Tue, Jul 29, 2008 - Page 8 News List

Much suffering in store for Uighurs

By J. Michael Cole 寇謐將

After years of repression by the Chinese government, with forced interracial marriages, mass arrests, a threatened way of life, occasional killings and population displacements, China’s Uighur group, which mostly lives in Xinjiang Province, has every right to seek an end to oppression as well as help from the international community.

In light of this, the Turkestan Islamic Party’s claim of responsibility on Saturday for a series of bombings in China in the past two months, which have claimed three lives and injured many more, may not come as a surprise. Nor should its timing, less than two weeks before the opening ceremonies of the Olympics in Beijing.

Grievances notwithstanding, the great majority of Uighurs do not condone violence or support terrorism to achieve their political aims. In fact, if asked, most would say that Commander Seyfullah, who issued the video statement on Saturday, or the Islamic Party of East Turkestan (ETIM) — listed as a terrorist organization by China and the US and believed by some to be another name for the Turkestan Islamic Party — does not have any right to speak in their name, let alone commit acts of violence for their cause, much as most Muslims worldwide do not accept al-Qaeda leader Osama bin Laden as their spokesman, however thick their list of grievances against the West.

In terms of strategy, Seyfullah’s approach has numerous precedents, most recently the Kosovo Liberation Army’s (KLA) — also once listed as a terrorist entity — recourse to attacks on Serb civilians in the 1990s to break the status quo. The KLA’s plan proved successful, as it sparked massive retaliation by Serbian paramilitary forces, attracted publicity worldwide after crimes against humanity were committed, and ultimately managed to draw in the US and NATO to fight on their behalf in 1999. After years of uncertainty, Kosovo’s recent declaration of independence — and recognition by most countries — may also have persuaded militants that when the odds are stacked against them, violence works.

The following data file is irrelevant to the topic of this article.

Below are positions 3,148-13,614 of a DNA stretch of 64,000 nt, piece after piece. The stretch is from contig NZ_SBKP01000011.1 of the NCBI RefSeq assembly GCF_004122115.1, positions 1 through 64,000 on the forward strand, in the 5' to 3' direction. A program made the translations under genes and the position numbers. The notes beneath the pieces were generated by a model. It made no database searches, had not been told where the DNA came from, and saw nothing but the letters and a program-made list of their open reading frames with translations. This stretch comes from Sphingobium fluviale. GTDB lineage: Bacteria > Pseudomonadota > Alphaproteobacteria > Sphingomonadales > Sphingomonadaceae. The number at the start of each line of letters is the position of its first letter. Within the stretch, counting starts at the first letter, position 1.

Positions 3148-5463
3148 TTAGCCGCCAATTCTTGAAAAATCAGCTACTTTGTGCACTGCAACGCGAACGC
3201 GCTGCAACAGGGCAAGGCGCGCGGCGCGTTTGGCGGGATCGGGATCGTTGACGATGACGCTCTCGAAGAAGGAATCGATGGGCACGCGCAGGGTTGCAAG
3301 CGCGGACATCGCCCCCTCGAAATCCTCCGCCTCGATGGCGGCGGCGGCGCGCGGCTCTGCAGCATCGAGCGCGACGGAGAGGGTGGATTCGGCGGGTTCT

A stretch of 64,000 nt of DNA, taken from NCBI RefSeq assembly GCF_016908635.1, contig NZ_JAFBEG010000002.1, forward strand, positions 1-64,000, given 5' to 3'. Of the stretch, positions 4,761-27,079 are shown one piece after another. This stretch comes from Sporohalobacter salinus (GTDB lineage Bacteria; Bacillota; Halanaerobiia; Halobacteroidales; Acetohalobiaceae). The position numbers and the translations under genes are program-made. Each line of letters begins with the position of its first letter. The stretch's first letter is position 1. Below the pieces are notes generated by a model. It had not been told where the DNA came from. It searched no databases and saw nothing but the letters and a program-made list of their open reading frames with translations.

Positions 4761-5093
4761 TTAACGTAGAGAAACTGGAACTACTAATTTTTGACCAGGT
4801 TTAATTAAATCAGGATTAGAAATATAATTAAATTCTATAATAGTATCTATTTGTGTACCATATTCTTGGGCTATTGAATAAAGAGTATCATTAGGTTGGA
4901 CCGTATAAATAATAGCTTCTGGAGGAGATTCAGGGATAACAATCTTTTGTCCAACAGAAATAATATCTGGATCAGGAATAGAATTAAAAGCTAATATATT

Aware that with the world’s attention turned toward it, Beijing’s Achilles Heel is more vulnerable now than it has been in more than a decade, Seyfullah and his followers may have claimed responsibility with the hope that doing so would invite a violent crackdown by Chinese authorities against the Muslim community. As Beijing’s greatest nightmare is domestic instability, it is highly unlikely — despite the Games — that it will act with restraint. (Beijing later said the claims were not credible, a position that probably had more to do with allaying the fears of delegations to the Games than with intelligence ascertaining the fact.)

The end result for the Uighur group will either be more reports of indiscriminate arrests and violence targeted at Muslims, or tightening up of the media, which would break Beijing’s Olympic pledge to lift restrictions on reporters. In either case, Beijing loses, as it faces a dilemma that has confronted every single occupying power, from Israel in the Palestinian Occupied Territories to the US in Iraq, the British in Kenya to NATO in Afghanistan.

In the end, however, it is ordinary Uighurs, who had nothing to do with the bombings and who would never support such acts, who will suffer the repercussions. Sadly, this new development may well be a consequence of nonviolent activism having failed over the decades to break the status quo and improve the lot of China’s minorities. However logical the Kosovo analogy may appear to those who were responsible for the attacks, it fails to take into account the tremendous difference between China’s security apparatus and that of Serbia, as well as the ability (or willingness) of the international community to interfere in another state’s domestic affairs.

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